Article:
There will always be a place for shops who are doing it right, but the customer experience is going to change radically, blogs Maurice Urlings.
On the other side of the street, bargain hunters are laying Dutch department store V&D to rest. Judging from the number of to-let signs in shop windows, many in the centre of this Dutch town preceded the department store. Mainly elderly shoppers visit the shops that today still exist. Two teenage girls cycle past. How are they going to shop in the future? How will their children shop? What is their customer experience?
I imagine a Sunday morning five years from now. The two girls, now young women, chat about the latest collection from Krochet Kids that they’ve seen. The smartphone, already commonplace, is kitted out with voice recognition and is listening, too. It doesn’t even raise an eyebrow with the two. Privacy to the Instagram generation is simply not what it used to be to their parents and grandparents. Isn’t it only to your benefit if a brand knows what you want and what fits you?
The smartphone captures the discussion about the collection and produces the clothes on their Google lens, the successor of Google glasses.
‘How would this look on me?’ one of them asks.
‘Have a look’, the other says.
They take over the picture from each other’s lens and the smartphone uploads the item of clothing on the lens. The one sees herself in a new dress through the lens of the other. ‘Should I?’ The manufacture already knows that this young woman buys 80 per cent of what she tries on. A drone is already flying to her house with the dress.
The Danish physicist Niels Bohr once said that predicting is a precarious matter, certainly where it concerns the future. He was right there, but his opinion actually only works for entirely new inventions. Inventing something entirely new is something that perhaps a few thousand people in the entire world can do. I have no illusion that I’m one of them. I apply the other way of innovating: connecting what is already there. The customer experience of the two teenagers is the result of putting together existing ingredients: KNEX for innovators.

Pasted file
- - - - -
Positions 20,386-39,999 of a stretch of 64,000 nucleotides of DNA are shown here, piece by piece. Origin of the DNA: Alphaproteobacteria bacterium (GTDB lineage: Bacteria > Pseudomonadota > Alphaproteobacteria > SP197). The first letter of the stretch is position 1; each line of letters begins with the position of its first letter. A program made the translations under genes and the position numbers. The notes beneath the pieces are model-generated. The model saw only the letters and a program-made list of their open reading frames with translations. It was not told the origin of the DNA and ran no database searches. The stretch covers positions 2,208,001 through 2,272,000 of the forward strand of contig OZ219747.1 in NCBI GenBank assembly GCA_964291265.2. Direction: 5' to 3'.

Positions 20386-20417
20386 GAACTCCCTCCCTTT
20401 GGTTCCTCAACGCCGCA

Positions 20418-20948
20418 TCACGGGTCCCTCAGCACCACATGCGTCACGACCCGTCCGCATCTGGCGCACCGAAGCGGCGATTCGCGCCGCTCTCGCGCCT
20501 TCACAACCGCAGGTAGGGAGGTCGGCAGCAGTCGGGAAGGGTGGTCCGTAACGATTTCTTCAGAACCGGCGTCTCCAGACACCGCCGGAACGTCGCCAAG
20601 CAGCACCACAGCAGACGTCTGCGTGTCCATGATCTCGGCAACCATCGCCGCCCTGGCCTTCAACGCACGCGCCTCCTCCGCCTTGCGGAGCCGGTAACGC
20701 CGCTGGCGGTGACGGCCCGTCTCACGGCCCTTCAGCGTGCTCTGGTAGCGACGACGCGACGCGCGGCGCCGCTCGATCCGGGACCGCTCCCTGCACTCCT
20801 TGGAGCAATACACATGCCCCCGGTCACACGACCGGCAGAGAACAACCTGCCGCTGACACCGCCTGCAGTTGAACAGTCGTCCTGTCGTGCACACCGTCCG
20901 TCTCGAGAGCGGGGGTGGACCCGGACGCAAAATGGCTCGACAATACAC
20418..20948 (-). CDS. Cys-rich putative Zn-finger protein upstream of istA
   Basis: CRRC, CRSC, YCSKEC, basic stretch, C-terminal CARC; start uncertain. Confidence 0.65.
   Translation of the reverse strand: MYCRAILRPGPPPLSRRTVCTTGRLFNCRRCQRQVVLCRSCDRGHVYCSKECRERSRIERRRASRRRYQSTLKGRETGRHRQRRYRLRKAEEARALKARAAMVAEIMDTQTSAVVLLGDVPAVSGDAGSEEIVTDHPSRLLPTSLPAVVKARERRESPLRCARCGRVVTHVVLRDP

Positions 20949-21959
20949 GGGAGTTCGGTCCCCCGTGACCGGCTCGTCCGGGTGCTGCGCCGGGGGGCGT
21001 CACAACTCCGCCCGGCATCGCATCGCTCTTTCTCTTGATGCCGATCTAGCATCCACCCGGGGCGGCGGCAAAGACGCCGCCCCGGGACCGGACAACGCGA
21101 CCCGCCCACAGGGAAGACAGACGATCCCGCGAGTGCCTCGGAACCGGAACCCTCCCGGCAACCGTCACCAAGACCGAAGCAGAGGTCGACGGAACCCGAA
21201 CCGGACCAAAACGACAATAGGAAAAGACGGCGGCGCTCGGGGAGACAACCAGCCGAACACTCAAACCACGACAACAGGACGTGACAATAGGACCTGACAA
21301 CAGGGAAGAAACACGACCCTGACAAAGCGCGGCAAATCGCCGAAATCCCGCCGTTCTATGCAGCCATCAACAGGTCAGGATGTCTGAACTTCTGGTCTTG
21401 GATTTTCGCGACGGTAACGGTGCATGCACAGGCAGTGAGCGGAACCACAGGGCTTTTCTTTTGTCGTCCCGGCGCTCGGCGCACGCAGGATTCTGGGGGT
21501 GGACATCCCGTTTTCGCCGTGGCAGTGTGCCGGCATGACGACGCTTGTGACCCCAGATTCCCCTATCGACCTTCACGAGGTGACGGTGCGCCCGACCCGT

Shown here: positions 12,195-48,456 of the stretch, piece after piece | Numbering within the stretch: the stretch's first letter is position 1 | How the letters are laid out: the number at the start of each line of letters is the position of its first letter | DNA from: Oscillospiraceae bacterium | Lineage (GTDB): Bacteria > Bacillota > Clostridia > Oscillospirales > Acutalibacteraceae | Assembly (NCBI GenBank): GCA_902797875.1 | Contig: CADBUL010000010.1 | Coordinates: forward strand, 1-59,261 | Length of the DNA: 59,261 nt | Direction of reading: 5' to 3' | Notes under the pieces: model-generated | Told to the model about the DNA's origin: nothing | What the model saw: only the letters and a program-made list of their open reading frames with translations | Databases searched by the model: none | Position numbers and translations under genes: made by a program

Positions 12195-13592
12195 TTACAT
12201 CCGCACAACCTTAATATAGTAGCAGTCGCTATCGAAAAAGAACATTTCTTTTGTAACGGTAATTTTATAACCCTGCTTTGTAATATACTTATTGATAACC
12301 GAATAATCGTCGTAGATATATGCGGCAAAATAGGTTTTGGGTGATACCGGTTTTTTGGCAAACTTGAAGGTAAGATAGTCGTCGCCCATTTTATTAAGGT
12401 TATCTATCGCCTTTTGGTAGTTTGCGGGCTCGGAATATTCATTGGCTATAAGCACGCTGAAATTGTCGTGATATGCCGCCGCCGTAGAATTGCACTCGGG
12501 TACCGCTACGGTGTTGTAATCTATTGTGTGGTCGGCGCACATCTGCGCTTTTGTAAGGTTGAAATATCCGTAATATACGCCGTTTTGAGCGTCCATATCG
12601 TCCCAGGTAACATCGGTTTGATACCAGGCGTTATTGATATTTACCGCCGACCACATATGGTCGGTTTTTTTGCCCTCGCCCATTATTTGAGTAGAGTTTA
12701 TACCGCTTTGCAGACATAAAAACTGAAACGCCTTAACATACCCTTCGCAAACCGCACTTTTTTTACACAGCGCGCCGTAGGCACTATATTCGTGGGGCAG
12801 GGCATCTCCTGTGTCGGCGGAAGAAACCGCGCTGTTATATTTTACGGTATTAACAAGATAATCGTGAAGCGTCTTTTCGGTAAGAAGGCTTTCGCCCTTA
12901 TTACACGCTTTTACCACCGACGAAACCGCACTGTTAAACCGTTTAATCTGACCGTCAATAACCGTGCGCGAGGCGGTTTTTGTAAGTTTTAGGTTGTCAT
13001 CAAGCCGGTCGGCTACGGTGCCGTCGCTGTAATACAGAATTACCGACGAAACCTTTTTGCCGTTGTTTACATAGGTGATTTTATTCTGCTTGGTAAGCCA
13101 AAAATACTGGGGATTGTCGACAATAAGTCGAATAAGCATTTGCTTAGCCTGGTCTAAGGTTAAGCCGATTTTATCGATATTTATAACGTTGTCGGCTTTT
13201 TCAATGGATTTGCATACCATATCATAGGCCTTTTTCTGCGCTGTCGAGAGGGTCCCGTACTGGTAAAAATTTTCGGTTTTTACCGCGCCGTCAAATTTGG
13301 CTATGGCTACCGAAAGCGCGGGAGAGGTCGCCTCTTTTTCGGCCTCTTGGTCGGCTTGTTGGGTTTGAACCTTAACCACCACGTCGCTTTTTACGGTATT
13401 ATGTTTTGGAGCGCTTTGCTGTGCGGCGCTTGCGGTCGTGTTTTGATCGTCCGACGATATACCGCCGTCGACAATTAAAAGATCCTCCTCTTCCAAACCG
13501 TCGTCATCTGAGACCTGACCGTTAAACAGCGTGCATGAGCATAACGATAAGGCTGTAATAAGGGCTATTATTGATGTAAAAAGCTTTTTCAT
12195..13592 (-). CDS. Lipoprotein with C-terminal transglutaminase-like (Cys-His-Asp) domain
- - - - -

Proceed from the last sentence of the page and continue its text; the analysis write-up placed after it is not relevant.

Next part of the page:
Google, for instance, is already working on smart lenses that monitor health or serve as varifocal glasses. Voice recognition is a standard feature of smartphones and is getting better and better. We recognise cognitive systems that ‘think along’ and learn with you from IBM’s Watson. Amazon is working hard on delivery drones. And trying on clothes virtually? Students from the fashion academy got inspired by the games industry, had themselves 3D scanned and are experimenting with virtual passes. There are those who design their entire collection virtually, as this clip from Bright TV shows. It saves wasting fabric, one of the students says. They can even create the effect of wind on a dress. We’re waiting on the party that’s actually going to bring this all together.
It is rather expected that my future scenario doesn’t go far enough. The Chinese company Alibaba is already working on virtual reality in its e-commerce activities. Sports-clothes maker Adidas is going for a superfast production method, the Speed Factory, enabled by smart robot technology. It offers the possibility of a tailor-made dress if a woman liked it or starts mass production if 80 per cent of women has given the thumbs-up. By sharing the picture of the new dress, the new collection becomes reality. Also possible: increasing the ever-important customer loyalty by allowing her to choose her own colour or adapt the logo. Personalisation, in other words.
Perhaps even Adidas’ Speed Factory is chasing after the facts. Because, why shouldn’t we be printing our own clothes in a couple of years? At the moment, hardware, as so often, is still the restricting factor. But printers are improving rapidly. Printing our own clothes would make the circle round: just like our ancestors, we’ll be making our own clothes
Author: Maurice Urlings, manager at KPMG